So many of us are having a hard time keeping a float. I think it would be a great idea for people to make a few extra dollars especially for ppl that every penny counts. At the moment my family is stressing big time and if this was available even 50$ right now would help so mmuch.

  5. Matt Bajcar

    I get how it’s tricky but I don’t see how a trial period can’t be tested.

    I was unemployable for some time and the worst thing about that life was not being able to give back. theirs long periods where everywhere you go you have to wait a few days to a week before anything gets done. I could see this as a great trade off and the opportunity to give back to the community and being able to help myself as well in the process.

  6. JV

    Janet says:
    Why doesn’t Canada pay for blood donation, like the USA? What is the logic behind that. I think it is a good idea, and other locations should be opened up, not just in Winnipeg and Toronto.

  7. Greg

    The Chretien Government at the time was responsible for buying blood from the U.S.A. which was contaminated with H.I.V. Subsequently the Red Cross was re-branded as Canadian Blood Services. I don’t see a problem with paying Canadian donor’s for their blood and having transparency as to where this blood came from!

  8. Bradley

    Canada purchases plasma from the United States around I believe around 80% of what is required from the United States. As a blood donor I’m all for paying for plasma. Not paying Canadians for plasma is just a work around for people, to feeling good or better than those south of the border who are supplying us plasma and are getting paid.
    It would be like saying we don’t support blood diamonds and so don’t buy African diamonds though we buy from a European company who acquires their diamonds from Africa. You still have dirt on your hands just not directly.
    The second belief is people of lower statue will be selling their blood for drugs. Which is absolutely not happening as we need clean product.
    I’m a happy blood donor and if paying some one $50 gets us more donors pay away.

  9. Balazs

    First of all plasma and blood donations are not the same. Plasma donations can be done more often, as the recovery is faster. Blood donation is – in the countries I know of – strictly unpaid, and under government overwatch. Plasma collected by for profit companies, and donors usually get paid.

    The problem with paid plasma donation is, that it taxes the body. While it seams similar to selling hair, as it grows anyway, in reality removing blood plasma has a recovery cost that is hard to estimate. So it’s more like a loan than a source of income.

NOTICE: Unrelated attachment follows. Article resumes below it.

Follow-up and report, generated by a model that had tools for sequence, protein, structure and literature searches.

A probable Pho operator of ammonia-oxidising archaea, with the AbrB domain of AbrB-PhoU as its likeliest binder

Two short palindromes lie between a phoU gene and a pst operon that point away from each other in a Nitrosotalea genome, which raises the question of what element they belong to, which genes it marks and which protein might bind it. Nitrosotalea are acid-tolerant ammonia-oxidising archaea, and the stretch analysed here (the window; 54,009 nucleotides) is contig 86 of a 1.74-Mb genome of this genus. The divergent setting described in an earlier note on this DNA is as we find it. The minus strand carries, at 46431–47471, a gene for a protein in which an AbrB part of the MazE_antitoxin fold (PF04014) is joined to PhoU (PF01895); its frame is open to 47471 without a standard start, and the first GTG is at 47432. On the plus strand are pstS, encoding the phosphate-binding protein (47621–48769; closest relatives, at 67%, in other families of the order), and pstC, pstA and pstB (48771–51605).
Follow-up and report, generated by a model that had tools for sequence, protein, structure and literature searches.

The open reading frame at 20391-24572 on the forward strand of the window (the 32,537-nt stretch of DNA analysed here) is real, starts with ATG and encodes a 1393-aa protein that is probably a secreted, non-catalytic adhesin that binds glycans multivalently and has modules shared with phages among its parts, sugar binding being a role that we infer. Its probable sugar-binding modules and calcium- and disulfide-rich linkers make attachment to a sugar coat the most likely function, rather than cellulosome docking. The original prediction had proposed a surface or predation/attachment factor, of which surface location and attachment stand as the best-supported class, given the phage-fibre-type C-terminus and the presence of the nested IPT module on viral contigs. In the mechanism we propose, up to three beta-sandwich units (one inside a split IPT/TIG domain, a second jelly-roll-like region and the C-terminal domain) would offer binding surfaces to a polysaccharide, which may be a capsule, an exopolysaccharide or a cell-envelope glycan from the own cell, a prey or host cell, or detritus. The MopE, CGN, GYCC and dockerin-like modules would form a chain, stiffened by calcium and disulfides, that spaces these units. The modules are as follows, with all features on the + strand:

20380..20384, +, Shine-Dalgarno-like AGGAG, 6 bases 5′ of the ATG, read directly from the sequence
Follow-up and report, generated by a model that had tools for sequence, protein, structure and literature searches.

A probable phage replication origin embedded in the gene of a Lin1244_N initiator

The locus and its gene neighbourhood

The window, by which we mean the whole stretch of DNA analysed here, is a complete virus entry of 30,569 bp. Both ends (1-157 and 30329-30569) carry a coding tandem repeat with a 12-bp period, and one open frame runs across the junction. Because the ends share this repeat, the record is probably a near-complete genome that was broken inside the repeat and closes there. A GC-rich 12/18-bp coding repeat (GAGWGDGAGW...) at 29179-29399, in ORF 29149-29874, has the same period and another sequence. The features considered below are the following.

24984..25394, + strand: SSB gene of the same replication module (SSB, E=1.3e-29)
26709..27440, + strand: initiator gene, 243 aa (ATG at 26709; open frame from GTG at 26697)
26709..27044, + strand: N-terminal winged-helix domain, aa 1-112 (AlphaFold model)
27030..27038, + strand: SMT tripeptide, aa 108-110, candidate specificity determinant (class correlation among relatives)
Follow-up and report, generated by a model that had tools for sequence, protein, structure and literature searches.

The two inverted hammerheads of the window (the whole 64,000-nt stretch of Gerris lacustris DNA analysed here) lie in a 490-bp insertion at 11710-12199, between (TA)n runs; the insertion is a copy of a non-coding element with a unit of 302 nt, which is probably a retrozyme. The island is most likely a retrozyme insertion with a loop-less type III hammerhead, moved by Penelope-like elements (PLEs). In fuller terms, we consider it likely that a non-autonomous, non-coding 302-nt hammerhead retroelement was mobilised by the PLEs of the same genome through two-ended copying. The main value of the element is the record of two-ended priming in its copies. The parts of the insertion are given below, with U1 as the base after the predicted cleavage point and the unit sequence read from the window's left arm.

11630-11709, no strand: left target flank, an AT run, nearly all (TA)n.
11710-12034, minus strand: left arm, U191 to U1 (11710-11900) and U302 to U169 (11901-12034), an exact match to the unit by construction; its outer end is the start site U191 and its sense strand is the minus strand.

$30 or $50 (these are the prices I found, 30 for the week’s first donation, 50 for the second, if you get around to do it) sound like a good reward for donating some plasma. But if one calculates the time it takes to donate, the time lost because of fatigue after donation, the extra nutrition needed to replenish your blood plasma, it will be a shitty hourly wage.

  10. John

    The above comments against paid plasma donations are ridiculous. Of course this is a great way to make some extra money. I would do it no problem. It’s not a waste of time or resources at all. Your body is capable of making the plasma and you need to make sure you aren’t going more than is safe. We just need to make sure it’s not going to be like the Mexico and U.S. border issue with people going there multiple times a week or month to donate. I like our regulation here in Canada in that respect, but not overregulation that we see now in terms of banning all sale of our blood, etc.
    I would love to see this come to Toronto and elsewhere in Canada.

  11. Ralphael

    Canadian blood banks should have an option whether to pay for blood BUT I see the thinking of not paying for blood as drug addicts and contaminated blood will become too frequent and we all know that drug abusers will lie in order to get cash……… if there is a cost effective way of cleaning the blood then definitely we should be getting paid at least $20..

  12. Josh

    I would love to donate whole blood for free, but unfortunately I can’t.
    I have Sickle Cell Anemia and Canadian Blood Services says that my blood cells clog their filters. They can’t use my blood cells.
    My PLASMA on the other hand is perfectly healthy.
    If I can’t donate whole blood for free, then I would happily sell some plasma in the hopes that can do some good.